site. Plaintiff's depo. p. 73-74. Plaintiff's injury caused three extended absences from work during which plaintiff received worker's compensation. These absences were from September 22, 1981, until June 8, 1982, November 1, 1982, until January 21, 1983, and January 18, 1984, until August 31, 1984. Plaintiff's depo. Exhibit 10. Plaintiff's return to work on each occasion was on a part time basis. Petrilli depo. p. 36, Plaintiff's depo. Exhibit 10. Plaintiff claims that Kurtz harassed her upon her return to work by continuing to assign her to the delivery runs in disregard of lifting restrictions imposed by plaintiff's physical conditions. Plaintiff's depo. p. 154. After her back injury, however, plaintiff was assigned delivery runs with a second employee. Id. Plaintiff asserts that Kurtz also changed her seat, placing her in front of the air conditioner despite medical restrictions to the contrary. Plaintiff depo. p. 201.
Again, plaintiff objected to Kurtz's supervisor, Petrilli. Her concerns were then addressed by Petrilli's supervisor and the hospital's assistant executive director who met with plaintiff. She recited her entire story. The hospital executives concluded that plaintiff's situation was due to a personality clash. Plaintiff depo. p.. 253-254.
Plaintiff cites other examples of harassment by Kurtz which transpired during her employment at West Penn. These include: Kurtz's interference with plaintiff's attempts to obtain other hospital jobs to transfer out of the department, plaintiff depo. 153-154, Kurtz's interference with plaintiff's attendance at West Penn's safety committee meetings, threats to dock her time card when she was late, disciplining her in front of other employees and not informing her that she had been selected for a displaywriter program which would have transferred plaintiff to another department. Plaintiff depo. 220. The last incident contributing to an alleged intolerable work environment happened in December 1984. Plaintiff's holiday schedule was changed, which interfered with her arrangements for a doctor's appointment and holiday party. Plaintiff made potential scheduling switches with another employee. Kurtz refused to approve of the switch. At this point, plaintiff handed in her resignation. Plaintiff depo. p. 68-71.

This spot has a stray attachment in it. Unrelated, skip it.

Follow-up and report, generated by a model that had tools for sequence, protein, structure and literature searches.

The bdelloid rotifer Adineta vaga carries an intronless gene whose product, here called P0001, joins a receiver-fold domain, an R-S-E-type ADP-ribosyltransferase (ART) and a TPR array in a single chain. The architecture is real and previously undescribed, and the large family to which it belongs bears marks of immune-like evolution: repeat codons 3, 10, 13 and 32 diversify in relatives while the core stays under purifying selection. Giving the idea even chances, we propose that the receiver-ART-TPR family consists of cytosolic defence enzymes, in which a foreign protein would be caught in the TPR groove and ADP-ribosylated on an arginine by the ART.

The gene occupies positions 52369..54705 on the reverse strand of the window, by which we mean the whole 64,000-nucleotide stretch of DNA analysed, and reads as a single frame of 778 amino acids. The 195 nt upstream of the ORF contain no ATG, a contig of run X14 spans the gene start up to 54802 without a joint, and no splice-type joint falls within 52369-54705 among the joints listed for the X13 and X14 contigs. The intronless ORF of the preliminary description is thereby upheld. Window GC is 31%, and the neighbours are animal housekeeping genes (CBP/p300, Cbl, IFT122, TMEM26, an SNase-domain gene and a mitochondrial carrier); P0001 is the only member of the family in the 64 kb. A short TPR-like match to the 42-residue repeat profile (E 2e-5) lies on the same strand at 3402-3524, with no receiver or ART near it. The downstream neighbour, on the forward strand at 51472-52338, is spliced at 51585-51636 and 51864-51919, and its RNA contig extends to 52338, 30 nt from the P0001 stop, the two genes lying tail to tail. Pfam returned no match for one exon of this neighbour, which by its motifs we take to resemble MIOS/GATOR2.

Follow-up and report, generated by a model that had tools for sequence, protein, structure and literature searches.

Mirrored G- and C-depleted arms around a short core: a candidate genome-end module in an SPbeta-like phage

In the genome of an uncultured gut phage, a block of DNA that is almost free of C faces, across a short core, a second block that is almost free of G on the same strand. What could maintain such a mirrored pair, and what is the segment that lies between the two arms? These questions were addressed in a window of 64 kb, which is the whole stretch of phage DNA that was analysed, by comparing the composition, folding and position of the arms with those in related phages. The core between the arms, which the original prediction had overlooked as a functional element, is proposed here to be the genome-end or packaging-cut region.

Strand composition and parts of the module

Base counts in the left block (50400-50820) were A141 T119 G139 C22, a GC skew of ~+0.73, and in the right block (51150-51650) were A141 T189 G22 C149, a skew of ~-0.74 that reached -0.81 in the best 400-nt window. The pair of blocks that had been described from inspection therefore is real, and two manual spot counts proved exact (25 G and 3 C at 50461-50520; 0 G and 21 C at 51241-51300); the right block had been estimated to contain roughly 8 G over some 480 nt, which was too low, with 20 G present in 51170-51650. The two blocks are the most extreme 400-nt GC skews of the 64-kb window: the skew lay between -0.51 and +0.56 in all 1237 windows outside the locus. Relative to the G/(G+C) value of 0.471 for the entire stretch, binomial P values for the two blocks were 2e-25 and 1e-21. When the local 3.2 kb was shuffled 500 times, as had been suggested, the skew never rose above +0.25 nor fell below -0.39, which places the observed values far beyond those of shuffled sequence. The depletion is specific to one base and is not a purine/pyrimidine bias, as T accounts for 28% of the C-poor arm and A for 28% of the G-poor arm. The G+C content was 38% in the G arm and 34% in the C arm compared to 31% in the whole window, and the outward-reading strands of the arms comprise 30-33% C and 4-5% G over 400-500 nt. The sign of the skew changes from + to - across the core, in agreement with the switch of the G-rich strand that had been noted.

Thereafter, plaintiff filed numerous administrative claims and this lawsuit. Plaintiff seeks to recover money damages on the theory that her resignation was a constructive discharge based on her national origin.
The Third Circuit has held that constructive discharge in a Title VII case can be found if an "employer knowingly permitted conditions of discrimination in employment so intolerable that a reasonable person subject to them would resign." Goss v. Exxon Office Systems Co., 747 F.2d 885, 888 (3rd Cir.1984). Accordingly, to establish a prima facie case of national origin discrimination in a constructive discharge action, a plaintiff must prove (1) she belongs to a protected class; (2) she was qualified for the position she held and was performing it satisfactorily; (3) despite her qualifications she was constructively discharged; and (4) she was discharged while other employees not in her protected class were retained. Spangle v. Valley Forge Sewer Authority, 839 F.2d 171 (3rd Cir.1988) (constructive discharge in an ADEA suit); See Jalil v. Avdel Corp., 873 F.2d 701, 49 Fair Empl. Prac. Cas. (BNA) 1210 (3rd Cir. 1989) (Lexis #5915).
In this summary judgment matter defendants may prevail by showing that plaintiff will not be able to establish her prima facie case of national origin discrimination.
Spangle, 839 F.2d at 173. Defendants, in fact, contend that plaintiff is unable to establish the third element; that is, that despite her qualifications plaintiff was constructively discharged. Our focus, therefore, is on this third element
which requires that (1) the employer knowingly permit; (2) conditions of discrimination in employment; and (3) said discrimination creates an environment so intolerable that a reasonable person subject to it would resign. Goss, 747 F.2d at 885; Levendos v. Stern Entertainment, Inc., 860 F.2d 1227 (3rd Cir.1988).
Defendants contend that plaintiff is unable to establish that employment was so intolerable that a reasonable person in her place would resign. Defendants' Brief, p. 12. Since constructive discharge is usually a factual determination, we will not address the degree of oppressiveness of plaintiff's work environment and how a reasonable person would react. See Levendos, 860 F.2d at 1230. Rather, our inquiry is concentrated on whether there are discriminatory acts which could make the plaintiff's work environment intolerable.